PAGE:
Rather than examining the stark difference in collections between the Precinct 3 JP Court as opposed to the others, the Commissioners Court, whose members seem to fear Davenport’s corruption, continue to condone the inefficient mess by paying the outside collection law firm meeting after meeting with a care for the millions of dollars the taxpayers are losing each year.

Secrecy reigns: budget amendments, tax abatement

If the County government under Doyal’s leadership stands for any policy, it’s secrecy of government operations in order to hide from the citizens. There are at least two major examples of the secrecy in the Montgomery County government that should surface during the Commissioners Court meeting on October 24.

The Texas Local Government Code requires strict procedures, including public disclosure and public hearings, for a county’s budget process. Rather than following those procedures, Doyal, Precinct 1 County Commissioner Mike Meador, and Precinct 2 County Commissioner Charlie Riley have opted to conduct their budget sessions without public hearings or full public disclosure. On September 5, 2017, the Commissioners Court hastily adopted an annual Fiscal Year 2018 Budget without the proper public procedures.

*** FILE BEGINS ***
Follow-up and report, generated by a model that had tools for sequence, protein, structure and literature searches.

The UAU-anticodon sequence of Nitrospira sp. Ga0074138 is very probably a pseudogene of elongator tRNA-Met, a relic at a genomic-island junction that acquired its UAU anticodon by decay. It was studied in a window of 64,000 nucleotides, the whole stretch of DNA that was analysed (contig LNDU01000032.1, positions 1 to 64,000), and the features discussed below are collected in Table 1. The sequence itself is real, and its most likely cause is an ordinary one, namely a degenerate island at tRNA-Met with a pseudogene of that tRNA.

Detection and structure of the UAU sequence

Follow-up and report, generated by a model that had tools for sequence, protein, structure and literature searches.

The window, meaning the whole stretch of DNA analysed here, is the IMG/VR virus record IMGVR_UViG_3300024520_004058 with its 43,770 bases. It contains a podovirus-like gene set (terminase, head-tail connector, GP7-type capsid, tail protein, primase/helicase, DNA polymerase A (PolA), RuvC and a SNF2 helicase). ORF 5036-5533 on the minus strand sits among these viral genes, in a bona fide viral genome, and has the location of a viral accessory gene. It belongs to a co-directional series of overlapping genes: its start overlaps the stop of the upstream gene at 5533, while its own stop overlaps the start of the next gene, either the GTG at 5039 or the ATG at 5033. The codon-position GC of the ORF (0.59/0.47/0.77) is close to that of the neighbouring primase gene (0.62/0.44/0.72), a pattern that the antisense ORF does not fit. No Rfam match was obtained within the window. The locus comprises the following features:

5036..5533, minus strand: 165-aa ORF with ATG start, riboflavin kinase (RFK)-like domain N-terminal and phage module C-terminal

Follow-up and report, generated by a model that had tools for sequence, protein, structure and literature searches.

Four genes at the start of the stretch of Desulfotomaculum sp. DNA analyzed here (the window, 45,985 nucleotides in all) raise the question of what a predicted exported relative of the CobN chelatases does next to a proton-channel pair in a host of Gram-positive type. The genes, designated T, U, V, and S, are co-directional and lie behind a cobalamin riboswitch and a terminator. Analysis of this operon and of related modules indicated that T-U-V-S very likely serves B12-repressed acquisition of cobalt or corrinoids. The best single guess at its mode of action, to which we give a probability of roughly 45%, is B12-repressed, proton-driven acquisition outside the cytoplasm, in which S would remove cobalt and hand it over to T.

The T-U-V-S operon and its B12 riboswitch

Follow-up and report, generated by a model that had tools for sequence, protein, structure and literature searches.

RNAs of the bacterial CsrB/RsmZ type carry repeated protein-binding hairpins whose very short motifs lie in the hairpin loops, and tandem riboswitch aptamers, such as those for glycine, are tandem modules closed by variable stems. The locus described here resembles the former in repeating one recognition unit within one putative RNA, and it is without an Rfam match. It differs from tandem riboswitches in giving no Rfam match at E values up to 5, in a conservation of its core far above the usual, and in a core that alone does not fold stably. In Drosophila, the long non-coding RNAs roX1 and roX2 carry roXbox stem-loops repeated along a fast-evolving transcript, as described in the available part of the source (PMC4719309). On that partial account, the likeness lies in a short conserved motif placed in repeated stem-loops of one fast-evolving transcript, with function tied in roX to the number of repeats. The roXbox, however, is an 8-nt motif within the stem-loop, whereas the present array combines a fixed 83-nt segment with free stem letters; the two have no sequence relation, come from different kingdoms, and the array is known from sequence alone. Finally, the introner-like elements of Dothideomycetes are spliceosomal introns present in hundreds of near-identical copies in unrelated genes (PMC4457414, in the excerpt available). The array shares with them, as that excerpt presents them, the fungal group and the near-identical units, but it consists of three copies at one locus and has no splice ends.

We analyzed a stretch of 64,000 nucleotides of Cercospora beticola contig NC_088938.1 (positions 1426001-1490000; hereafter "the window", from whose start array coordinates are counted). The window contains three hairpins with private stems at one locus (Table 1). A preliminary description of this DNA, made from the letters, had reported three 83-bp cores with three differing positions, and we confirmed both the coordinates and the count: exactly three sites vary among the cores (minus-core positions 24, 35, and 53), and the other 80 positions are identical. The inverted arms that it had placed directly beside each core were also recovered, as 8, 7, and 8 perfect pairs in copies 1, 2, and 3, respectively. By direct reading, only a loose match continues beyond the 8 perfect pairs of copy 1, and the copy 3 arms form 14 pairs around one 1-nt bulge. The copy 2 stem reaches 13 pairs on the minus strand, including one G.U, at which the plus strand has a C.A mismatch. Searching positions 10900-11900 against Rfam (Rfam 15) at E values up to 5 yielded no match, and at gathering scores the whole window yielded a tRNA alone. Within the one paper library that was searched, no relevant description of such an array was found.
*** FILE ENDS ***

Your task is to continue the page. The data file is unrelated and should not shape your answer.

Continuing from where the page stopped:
As one might expect, a hastily-adopted budget is a total mess. Montgomery County’s Fiscal Year 2018 Budget is a mess.

A result of the terrible budgeting methods the Commissioners Court follows is that the Court must amend the budget throughout the year, which Doyal, Riley, Meador, and Noack are happy to do without following proper public notice and public hearing procedures for the amended budgets.

On October 24, Doyal and colleagues plan to adopt seven major budget amendments without public disclosure or a public hearing in violation of the Texas Local Government Code’s strict provision in Chapter 115. The proposed seven budget amendments total $1,032,327.60, a lot of money, and will require that the Commissioners Court declared a “grave public necessity” and an “emergency” so that Doyal, Riley, Meador, and Noack can get around the citizen public notice and public hearing requirements under Texas law. The “emergency” includes hiring a part-time park attendant and transferring some funds from Riley’s budget to the Precinct 5 Constable so Constable David Hill can take a canine off the hands of the Magnolia Independent School District.